It was not too long ago in the Presbyterian Church that the celebration of New Year’s was a bigger deal than Christmas. It’s true!
The liturgical traditions of Advent and Christmas were more popular in Roman Catholic and Lutheran congregations. Presbyterians were not so bound to a liturgical calendar as we are today, and instead we found ways, particularly in America, to frame secular holidays with sacred meaning. While others celebrated New Year’s with extravagant parties, many of us Christians were choosing to usher in the New Year by going to church, and gathering around the Lord’s Table to celebrate communion. They were known as Watch Night Services, and were particularly popular in our African-American congregations.
Watch Nights have a strong theological vision, and I wish we celebrated it more robustly in our churches these days. These services give us a foundation in time that stresses the sovereignty of God – starting all new things with God at the heart of our time. Beyond that, it is a chance to turn the page, put the past behind us, confess, re-form. How Presbyterian!
It was our African-American congregations, who couldn’t imagine celebrating New Year’s Eve without their church family, and who brought a history of plenty of uplifting joyful music and long prayers, that really helped us blaze a tradition of Watch Night services. The tradition goes back quite a ways further, but the fuel for Presbyterian congregations in America probably got its start all the way back on December 31, 1862, when blacks were holding vigil for the Emancipation Proclamation to go into effect on Jan 1, 1863. It was “Freedom’s Eve”.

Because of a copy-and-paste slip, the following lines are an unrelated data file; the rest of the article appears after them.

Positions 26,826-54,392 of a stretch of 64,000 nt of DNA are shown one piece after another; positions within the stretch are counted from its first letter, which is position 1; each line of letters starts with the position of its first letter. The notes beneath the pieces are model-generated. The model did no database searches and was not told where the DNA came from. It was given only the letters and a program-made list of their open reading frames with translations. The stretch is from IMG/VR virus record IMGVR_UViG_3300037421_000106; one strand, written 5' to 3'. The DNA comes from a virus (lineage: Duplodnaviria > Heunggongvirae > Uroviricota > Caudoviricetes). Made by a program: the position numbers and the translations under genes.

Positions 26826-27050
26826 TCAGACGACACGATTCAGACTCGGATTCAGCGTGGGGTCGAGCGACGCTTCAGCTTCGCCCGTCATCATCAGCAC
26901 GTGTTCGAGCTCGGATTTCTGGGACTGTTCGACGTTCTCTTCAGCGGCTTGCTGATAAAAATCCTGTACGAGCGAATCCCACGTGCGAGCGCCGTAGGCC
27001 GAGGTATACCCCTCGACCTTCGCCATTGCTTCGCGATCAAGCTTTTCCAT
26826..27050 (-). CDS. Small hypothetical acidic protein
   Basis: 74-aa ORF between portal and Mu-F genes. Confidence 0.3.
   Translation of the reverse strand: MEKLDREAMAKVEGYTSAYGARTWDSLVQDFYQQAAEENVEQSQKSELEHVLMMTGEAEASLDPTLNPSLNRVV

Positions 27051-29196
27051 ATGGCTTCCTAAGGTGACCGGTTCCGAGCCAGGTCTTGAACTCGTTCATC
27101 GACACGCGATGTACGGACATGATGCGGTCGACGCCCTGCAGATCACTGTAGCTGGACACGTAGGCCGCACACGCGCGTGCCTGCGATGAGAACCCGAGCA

As the tradition developed there were often candlelight Watch services, with candelabras with 12 candles, one for each month of the year, and Presbyterians would recount the major events in the life of the congregation for that month. Baptisms, marriages, deaths, mission trips, confirmations – these were all fair game.
As the New Year came, with the bells tolling at midnight, the congregation would be gathered around the Lord’s Table, celebrating freedom and new life. It was a time to renew their covenant with God.
Often on New Year Day one of the readings ties us to the covenant and the beginning of Hebraic identity. Abram is given the instructions, details, and signs of the covenant: “I will establish my covenant between me and you, and your offspring after you throughout their generations, for an everlasting covenant, to be God to you and to your offspring after you.”
I am struck by the PROMISE. Into our world full of broken promises, God speaks words that never erode. Today promises are thrown around as more of a convenience to the one making them.
God does not run away from the promises he has made. No matter what we do, nothing can undo what was done at the cross on our behalf.
What I love about baptism is that you can’t undo it. God’s YES is stronger than any NO we muster. God has claimed us as his own, and that is final. We live with a promise that will never be ripped away from us.
What a way to start the year off. So take a moment to pause and look back to our roots in Abraham and Sarah, but also our roots in baptism, and to the beginning of God’s love affair with us, a love that will never die.
May your New Year be bright! And may the Light of Christmas continue to surround and fill you.
Thank you Pastor Matt!! This post is educational and inspirational!!
Thank you Matt, and Blessings!
Thanks!! Good to hear from you!
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I never knew that about the New Year’s Eve prayer/communion. I remember my church growing up would do the same although we didn’t do communion; we did pray into the new year.